Reclusive, while also longing to escape from Buffalora, Dellamorte’s closed-in world is thrown into crisis when he is drawn towards a beautiful young widow (Anna Falchi). She has no interest in Dellamorte until he shows her the Cemetery’s Ossuary and it arouses her. Unfortunately their tryst is interrupted by her dead husband, whose bite seemingly causes her death. Yet Falchi returns to in various guises later on in the film as Dellamorte becomes increasingly disturbed. 
Unusually for a horror-comedy with gore and sick humour, Dellamorte Dellamore takes loss and grieving quite seriously. Sure, there’s exploding heads and killer dialogue and Rupert Everett bludgeoning a zombie-nun’s head in with a blunt object, but there is a mournful aspect to the film. Everybody has lost or loses someone. Dellamorte Dellamore operates on the same level as a fairytale, or a dream, in which strange happenings are possible, but they have a deeper psychological meaning that is open to interpretation. Death appears to Dellamorte, taking form out of burning rubbish on a bonfire and asks Dellamorte to leave the dead alone. Given that the ‘Dylan Dog’ comic books take place in a world where reality and the supernatural exist side-by-side it is entirely feasible that Death does visit Dellamorte. Maybe however Dellamorte is just losing his mind. 
.Michele Soavi has a gift for creating stunning visuals (Terry Gilliam used him on The Adventures of Baron Munchausen and The Brother’s Grimm) and the film’s beauty is complemented by a truly warped sense of humour. Dellamorte Dellamore is based on a novel by Tiziano Sclavi and features a character who appeared briefly in the author’s ‘Dylan Dog’ comics. Dellamorte bears a startling resemblance to Dylan Dog and is essentially an alter-ego for the Nightmare Detective. Sclavi based Dylan Dog’s appearance on Rupert Everett so the big fella is perfectly cast here. A gifted comedy actor Everett makes the most of the dialogue and has a sadness to him which renders the absurdist elements of the film more believable. It is a great performance, one of the best you’ll see in a horror film and it’s a shame the film has never found a wider audience though maybe this will change with this new DVD release. Sadly even Everett undersells it, the only mention of Dellamorte Dellamore in his autobiography ‘Red Carpets and other Banana Skins,’ is a small photograph.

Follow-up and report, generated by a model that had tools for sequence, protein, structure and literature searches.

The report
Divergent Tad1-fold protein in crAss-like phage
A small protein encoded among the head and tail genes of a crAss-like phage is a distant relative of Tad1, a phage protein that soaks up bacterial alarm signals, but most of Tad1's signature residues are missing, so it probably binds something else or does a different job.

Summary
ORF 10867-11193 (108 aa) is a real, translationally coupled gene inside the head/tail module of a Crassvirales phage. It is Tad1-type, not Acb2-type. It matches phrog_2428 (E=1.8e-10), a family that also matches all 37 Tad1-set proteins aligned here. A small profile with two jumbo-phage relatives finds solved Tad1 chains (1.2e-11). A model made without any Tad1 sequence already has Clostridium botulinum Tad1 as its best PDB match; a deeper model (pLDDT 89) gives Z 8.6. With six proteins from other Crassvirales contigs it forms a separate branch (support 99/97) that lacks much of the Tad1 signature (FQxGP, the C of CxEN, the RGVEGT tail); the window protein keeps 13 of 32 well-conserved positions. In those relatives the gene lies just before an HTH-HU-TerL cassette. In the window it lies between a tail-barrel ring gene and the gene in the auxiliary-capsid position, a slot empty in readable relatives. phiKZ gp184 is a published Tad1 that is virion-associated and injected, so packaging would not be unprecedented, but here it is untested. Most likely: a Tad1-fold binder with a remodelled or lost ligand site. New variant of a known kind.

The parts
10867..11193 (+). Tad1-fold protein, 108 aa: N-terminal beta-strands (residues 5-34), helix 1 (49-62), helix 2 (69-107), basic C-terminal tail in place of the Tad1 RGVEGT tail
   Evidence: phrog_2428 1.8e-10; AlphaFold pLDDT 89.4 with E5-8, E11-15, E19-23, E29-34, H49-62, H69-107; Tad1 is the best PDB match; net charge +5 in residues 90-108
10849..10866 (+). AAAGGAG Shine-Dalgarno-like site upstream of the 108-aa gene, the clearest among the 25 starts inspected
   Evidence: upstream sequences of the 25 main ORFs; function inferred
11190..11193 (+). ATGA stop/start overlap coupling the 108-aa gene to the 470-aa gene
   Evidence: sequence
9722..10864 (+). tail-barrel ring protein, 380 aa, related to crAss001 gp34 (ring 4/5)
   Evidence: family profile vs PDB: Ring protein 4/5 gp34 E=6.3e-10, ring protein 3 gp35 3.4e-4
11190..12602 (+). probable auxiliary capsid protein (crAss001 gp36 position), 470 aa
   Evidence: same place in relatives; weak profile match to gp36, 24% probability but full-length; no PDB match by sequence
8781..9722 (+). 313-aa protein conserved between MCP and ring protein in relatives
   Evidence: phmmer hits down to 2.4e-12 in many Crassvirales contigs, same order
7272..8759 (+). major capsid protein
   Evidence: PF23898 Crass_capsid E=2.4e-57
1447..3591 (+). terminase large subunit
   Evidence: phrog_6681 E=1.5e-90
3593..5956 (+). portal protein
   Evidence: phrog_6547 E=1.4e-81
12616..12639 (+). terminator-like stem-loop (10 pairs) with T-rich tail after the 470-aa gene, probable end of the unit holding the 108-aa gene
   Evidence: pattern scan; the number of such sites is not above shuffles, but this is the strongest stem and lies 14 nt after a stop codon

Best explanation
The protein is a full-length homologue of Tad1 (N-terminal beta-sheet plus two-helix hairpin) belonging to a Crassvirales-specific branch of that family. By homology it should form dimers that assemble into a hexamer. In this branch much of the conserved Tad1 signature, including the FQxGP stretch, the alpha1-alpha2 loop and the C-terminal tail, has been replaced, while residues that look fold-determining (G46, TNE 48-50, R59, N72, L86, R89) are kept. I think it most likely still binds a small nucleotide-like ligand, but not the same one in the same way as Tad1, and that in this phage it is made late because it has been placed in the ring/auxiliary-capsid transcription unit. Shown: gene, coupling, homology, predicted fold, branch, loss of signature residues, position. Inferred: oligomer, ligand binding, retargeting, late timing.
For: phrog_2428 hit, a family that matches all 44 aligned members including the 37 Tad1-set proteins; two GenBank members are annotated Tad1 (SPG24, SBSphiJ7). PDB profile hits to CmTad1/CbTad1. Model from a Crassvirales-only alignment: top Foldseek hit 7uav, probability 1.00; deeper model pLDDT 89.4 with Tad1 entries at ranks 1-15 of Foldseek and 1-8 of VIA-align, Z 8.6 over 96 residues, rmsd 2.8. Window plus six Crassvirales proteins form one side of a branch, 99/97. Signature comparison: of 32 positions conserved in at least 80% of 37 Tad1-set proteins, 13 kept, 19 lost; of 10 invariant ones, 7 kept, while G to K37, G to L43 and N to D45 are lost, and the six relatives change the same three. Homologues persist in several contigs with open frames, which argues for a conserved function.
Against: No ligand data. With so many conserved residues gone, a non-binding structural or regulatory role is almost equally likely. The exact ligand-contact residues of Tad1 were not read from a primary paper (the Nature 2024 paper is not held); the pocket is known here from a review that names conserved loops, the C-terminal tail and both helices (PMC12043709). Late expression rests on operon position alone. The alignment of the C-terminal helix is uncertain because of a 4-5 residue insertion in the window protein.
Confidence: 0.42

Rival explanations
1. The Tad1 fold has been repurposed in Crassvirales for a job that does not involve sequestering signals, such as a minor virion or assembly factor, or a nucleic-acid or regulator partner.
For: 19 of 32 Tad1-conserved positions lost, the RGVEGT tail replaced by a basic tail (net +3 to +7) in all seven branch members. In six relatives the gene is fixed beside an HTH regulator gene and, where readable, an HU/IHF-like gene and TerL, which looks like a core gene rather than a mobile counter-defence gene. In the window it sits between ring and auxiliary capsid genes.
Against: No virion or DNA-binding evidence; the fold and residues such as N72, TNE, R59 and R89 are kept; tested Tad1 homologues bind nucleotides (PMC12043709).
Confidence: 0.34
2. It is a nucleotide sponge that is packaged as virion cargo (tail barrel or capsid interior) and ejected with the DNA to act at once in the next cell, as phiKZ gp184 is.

Watch the English language track rather than the Italian version. Genre films in Italy have traditionally used American or British stars to attract funding and shoot scenes in English. Everett’s deadpan delivery is preferable to hearing him being dubbed into Italian.The Americanised version of Dylan Dog (2011, Kevin Munroe) appears on DVD and Blu-ray later this month and while it is nowhere near as bad as expected, it is no match for Dellamorte Dellamore
Special Features
Part of the fun of Shameless releases is going through the trailers for there other releases. Highlights include Who Saw Her Die? (1972, Umberto Lenzi), a giallo starring former 007 George Lazenby, the haunting reworking of Patricia Highsmith’s ‘Strangers on a Train’ The Designated Victim (1971, Maurizio Lucidi) with Tomas Milian, and Dario Argento’s underrated Four Flies on Grey Velvet (1971). 
There’s also an Italian trailer which emphasises the Dylan Dog connection and a photo gallery. The commentary with Soavi and screenwriter Gianni Romoli is interesting and gives an insight into their approach to the material. Soavi says the film is about a man who can’t face reality, who refuses to grow up, who “doesn’t want to leave his garden, his enchanted world.” Film journalist and author Alan Jones has also provided writing on the film’s production and photographs for an accompanying booklet.